Introduction The Apprenticeship of a Statesman, 1842-1892 A Disastrous Beginning: The Presidency of the Council of Ministers, 1892-93 Into the Wilderness: in Opposition, 1894-1901 The Zanardelli-Giolotti Government, 1901-1903 Giolitti's Second Ministry, "Doing it Right, " 1904-1905 The Long Ministry, 1906-1909 Domestic Reform and War, 1910-1914 A Second Political Exile, 1914-1920 Giolitti and the Crisis of the Liberal State, 1920-1928 Conclusion Bibliography Index.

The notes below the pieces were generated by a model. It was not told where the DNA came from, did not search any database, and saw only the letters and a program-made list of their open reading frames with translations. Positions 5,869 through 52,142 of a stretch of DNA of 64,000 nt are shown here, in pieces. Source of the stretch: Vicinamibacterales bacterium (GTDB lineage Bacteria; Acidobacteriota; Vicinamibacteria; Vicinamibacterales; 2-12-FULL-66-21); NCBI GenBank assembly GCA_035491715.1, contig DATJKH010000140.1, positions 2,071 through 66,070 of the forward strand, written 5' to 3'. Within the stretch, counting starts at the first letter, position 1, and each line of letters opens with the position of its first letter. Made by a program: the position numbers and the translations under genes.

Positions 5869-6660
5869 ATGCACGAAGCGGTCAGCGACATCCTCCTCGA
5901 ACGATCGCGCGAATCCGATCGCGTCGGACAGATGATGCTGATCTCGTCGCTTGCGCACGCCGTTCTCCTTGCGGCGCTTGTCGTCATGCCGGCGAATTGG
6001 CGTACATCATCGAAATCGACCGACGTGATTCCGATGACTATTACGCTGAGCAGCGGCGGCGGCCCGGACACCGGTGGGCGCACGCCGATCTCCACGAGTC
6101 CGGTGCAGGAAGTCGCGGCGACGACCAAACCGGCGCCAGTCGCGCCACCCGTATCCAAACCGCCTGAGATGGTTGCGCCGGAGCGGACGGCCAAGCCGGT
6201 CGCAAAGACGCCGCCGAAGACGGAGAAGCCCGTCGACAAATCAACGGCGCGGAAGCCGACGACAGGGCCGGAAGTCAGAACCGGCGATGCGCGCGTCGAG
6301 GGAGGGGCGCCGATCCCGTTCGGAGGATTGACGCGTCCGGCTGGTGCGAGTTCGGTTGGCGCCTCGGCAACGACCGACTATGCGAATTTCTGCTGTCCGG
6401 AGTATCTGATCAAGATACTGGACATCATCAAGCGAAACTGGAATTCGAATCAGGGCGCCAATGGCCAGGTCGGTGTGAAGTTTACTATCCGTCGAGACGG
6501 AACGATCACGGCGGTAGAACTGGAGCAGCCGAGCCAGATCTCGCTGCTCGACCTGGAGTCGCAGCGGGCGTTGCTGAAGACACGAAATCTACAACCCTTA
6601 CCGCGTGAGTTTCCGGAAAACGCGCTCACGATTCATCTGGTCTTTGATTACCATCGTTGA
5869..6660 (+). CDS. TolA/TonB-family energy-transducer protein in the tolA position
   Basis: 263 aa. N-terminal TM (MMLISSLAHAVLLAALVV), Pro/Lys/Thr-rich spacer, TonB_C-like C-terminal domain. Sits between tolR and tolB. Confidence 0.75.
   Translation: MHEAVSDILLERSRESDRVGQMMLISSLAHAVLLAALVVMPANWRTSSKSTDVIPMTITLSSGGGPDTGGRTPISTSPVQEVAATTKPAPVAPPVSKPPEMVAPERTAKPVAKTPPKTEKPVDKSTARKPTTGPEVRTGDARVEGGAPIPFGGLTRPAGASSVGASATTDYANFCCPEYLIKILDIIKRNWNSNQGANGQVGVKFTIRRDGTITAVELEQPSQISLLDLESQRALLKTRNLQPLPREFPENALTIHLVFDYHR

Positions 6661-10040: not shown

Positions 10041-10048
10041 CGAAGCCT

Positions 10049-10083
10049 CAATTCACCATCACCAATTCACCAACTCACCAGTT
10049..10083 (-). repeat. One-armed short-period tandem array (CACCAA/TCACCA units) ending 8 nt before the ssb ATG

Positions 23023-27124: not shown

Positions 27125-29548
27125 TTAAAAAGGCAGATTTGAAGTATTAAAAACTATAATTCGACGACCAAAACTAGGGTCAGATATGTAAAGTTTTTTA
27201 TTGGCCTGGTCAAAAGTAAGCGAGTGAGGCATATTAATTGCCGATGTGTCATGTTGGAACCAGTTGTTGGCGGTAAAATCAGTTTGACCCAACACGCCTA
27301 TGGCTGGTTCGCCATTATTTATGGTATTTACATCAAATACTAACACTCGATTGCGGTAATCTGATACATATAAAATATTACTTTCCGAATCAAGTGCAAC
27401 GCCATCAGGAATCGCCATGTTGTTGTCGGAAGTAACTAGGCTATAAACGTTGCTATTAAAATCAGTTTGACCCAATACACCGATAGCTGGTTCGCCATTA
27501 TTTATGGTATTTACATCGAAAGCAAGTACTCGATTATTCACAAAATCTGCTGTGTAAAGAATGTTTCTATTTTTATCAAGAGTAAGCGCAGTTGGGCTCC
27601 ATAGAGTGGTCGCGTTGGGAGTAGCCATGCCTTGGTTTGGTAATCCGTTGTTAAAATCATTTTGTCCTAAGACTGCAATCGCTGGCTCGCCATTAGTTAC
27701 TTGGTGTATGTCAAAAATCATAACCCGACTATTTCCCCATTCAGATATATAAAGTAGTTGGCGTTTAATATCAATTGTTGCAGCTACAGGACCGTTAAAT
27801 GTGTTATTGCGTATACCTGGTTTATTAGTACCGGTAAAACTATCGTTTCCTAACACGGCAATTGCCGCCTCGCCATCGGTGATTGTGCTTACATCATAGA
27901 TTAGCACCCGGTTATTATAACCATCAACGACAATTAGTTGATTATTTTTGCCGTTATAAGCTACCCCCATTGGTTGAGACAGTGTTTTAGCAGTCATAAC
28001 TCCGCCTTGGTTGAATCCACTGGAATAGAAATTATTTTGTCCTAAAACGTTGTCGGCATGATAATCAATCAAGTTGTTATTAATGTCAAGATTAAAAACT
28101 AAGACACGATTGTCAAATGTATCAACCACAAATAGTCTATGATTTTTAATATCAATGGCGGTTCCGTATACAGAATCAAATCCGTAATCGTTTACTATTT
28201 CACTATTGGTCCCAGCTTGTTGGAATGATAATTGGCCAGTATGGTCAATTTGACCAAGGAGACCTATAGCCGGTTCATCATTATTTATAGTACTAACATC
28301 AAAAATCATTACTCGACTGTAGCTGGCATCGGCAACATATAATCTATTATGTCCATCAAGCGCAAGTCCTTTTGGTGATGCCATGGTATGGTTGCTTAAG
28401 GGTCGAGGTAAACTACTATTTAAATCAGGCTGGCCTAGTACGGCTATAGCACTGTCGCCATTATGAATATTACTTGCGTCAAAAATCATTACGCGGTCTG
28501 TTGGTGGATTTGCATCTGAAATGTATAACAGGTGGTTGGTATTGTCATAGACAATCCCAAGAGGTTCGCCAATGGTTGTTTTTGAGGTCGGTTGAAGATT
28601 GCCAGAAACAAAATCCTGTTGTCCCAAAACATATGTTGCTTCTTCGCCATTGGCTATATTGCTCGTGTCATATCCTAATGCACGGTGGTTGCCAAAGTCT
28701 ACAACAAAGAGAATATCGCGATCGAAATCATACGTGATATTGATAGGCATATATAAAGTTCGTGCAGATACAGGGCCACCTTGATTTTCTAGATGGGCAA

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Alongside Georges Clemenceau and David Lloyd George, Giovanni Giolitti (1842-1928) stands out as one of the major liberal reformers of late 19th- and early 20th-century Europe. In the first complete English-language study of Giolitti, De Grand examines the political life of Italy's most notable prime minister after Cavour. Giolitti emerges not as a transitional figure leading fledgling Italy into modern democracy, but as a staunch adherent of 19th-century elitist liberalism trying to navigate the new tide of mass politics. De Grand's careful research offers valuable insight into Giolitti as statesman and, through him, a vantage point on the development of Italy during a critical period. Giolitti's troubled relationship with mass politics defined his years in office. A life-long bureaucrat aloof from the electorate, Giolitti introduced near universal male suffrage-even while commenting that first teaching everyone to read and write would be a more reasonable route-and tolerated labor strikes. Rather than reform the state as a concession to populism, however, Giolitti sought to accommodate the politics of the piazza under the roof of liberal parliamentarianism, first in his pursuit of coalitions with Socialist and Catholic groups, and finally, at the end of his political life, in a failed courtship with Fascism. (source: Nielsen Book Data)